The tree against the sky in the middle of the image is 101 meters from the camera, and the tree immediately in front of it is 55 meters away. I have shown you crops at various f-stops that show how much the “foreground” tree is blurred, and what the circle of confusion diameters (CoCs) are at those stops when geometric optics, which is what’s behind DOF calculators) is used to calculate the DOF.
The 80 mm f/1.7 GF lens I used on the GFX 100S for these shots is not particularly well-corrected; in particular, it suffers (or benefits, depending on your point of view) from analmolous transfocal behavior. Therefore, especially at the wider apertures, if there are departures in blur from what the DOF calculators predict, we ought to see it with this lens. What I am doing to test that is to compare actual images of the foreground — 55 meter — tree when the camera is focused on the background — 100 meter — tree, with sharp images of the foreground tree that have been blurred in precisely the way that geometric optics assumes. So we’re going to compare the foreground tree using an actual lens with the foreground tree that the DOF calculators think the lens is producing.
Where did I get the image with the foreground tree sharp? I made a shot at f/4 after focusing on the foreground tree.
I used some Matlab code to apply the pillbox filters to the images. If anybody is interested, here it is:
With an f-stop of f/2 for the real image, and the simulated CoC of 23 um for the simulated one at 100% magnification:
Geometric optics states that the CoC of the foreground tree should be 25 um, but that gives just a tad more blur than the unmanipulated image. So, in this case, the actual lens has a bit more DOF than geometric optics says it should have.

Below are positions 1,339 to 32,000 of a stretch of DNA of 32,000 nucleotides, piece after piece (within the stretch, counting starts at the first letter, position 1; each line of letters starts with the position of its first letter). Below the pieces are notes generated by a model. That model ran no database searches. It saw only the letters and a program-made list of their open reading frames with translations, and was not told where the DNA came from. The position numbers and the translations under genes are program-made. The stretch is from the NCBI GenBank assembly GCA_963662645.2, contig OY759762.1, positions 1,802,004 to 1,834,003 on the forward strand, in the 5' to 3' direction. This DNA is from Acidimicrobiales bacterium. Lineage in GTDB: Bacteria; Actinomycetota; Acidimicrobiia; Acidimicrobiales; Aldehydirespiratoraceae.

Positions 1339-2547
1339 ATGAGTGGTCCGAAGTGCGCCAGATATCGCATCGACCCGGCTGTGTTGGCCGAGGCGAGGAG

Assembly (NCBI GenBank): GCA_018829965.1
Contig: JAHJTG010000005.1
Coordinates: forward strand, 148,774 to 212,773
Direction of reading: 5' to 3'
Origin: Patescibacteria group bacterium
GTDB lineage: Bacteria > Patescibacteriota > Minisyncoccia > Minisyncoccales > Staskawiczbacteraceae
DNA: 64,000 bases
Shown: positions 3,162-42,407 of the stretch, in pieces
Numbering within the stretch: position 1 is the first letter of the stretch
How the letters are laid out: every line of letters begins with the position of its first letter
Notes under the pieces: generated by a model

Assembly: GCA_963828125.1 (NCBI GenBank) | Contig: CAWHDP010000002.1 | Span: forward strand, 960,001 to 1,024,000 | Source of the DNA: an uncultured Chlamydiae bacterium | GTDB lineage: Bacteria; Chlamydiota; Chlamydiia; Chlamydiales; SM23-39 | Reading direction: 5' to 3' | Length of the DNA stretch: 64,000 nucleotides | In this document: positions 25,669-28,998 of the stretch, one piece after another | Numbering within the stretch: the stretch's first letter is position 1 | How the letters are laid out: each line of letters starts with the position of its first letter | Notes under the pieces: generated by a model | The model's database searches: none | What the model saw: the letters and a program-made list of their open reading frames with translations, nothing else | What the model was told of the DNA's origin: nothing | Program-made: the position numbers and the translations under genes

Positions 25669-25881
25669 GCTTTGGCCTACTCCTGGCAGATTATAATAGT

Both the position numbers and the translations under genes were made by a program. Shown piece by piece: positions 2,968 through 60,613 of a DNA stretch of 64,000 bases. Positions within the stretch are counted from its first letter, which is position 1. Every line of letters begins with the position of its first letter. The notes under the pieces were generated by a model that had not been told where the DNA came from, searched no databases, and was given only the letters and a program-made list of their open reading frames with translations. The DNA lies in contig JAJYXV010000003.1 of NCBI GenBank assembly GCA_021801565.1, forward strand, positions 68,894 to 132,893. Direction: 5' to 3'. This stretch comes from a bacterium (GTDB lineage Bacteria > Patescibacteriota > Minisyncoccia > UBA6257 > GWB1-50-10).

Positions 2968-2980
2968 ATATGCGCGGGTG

The Zeiss paper talks about asymmetrical DOF, which does indeed exist.
Geometric optics assumes that doesn’t happen:
If we focus on the front tree and look at the back tree, we should see the same amount of blur that we see if we focus on the back tree and look at the front tree.
To me, the back tree looks a bit sharper when we focus on the front tree than the front tree looks when we focus on the back tree.
Let’s take an f/4 image focused on the back tree and apply the blur implied by the CoC that we get from geometric optics and see what that looks like.
That’s a bit blurry; 21 um is a better match.
So we do observe a slight asymmetry, and also that the actual lens has somewhat more DOF than what we compute from geometric optics.
I can, and probably will, explore other apertures with this lens, but in this case, I think the DOF calculators are quite a useful approximation to what we actually see with the 80/1.7 GF at f/2.
Field curvature, as pointed out in the Zeiss paper, can be a confounding issue. In the case of lenses with significant field curvature, I prefer to think of DOF as departures from the surface of sharp focus, rather than the plane of sharp focus. Focus shift is another issue, and in the case of the GFX cameras, can be easily dealt with by focusing at the taking aperture, or at least the aperture narrower than which focus shift is no longer an issue.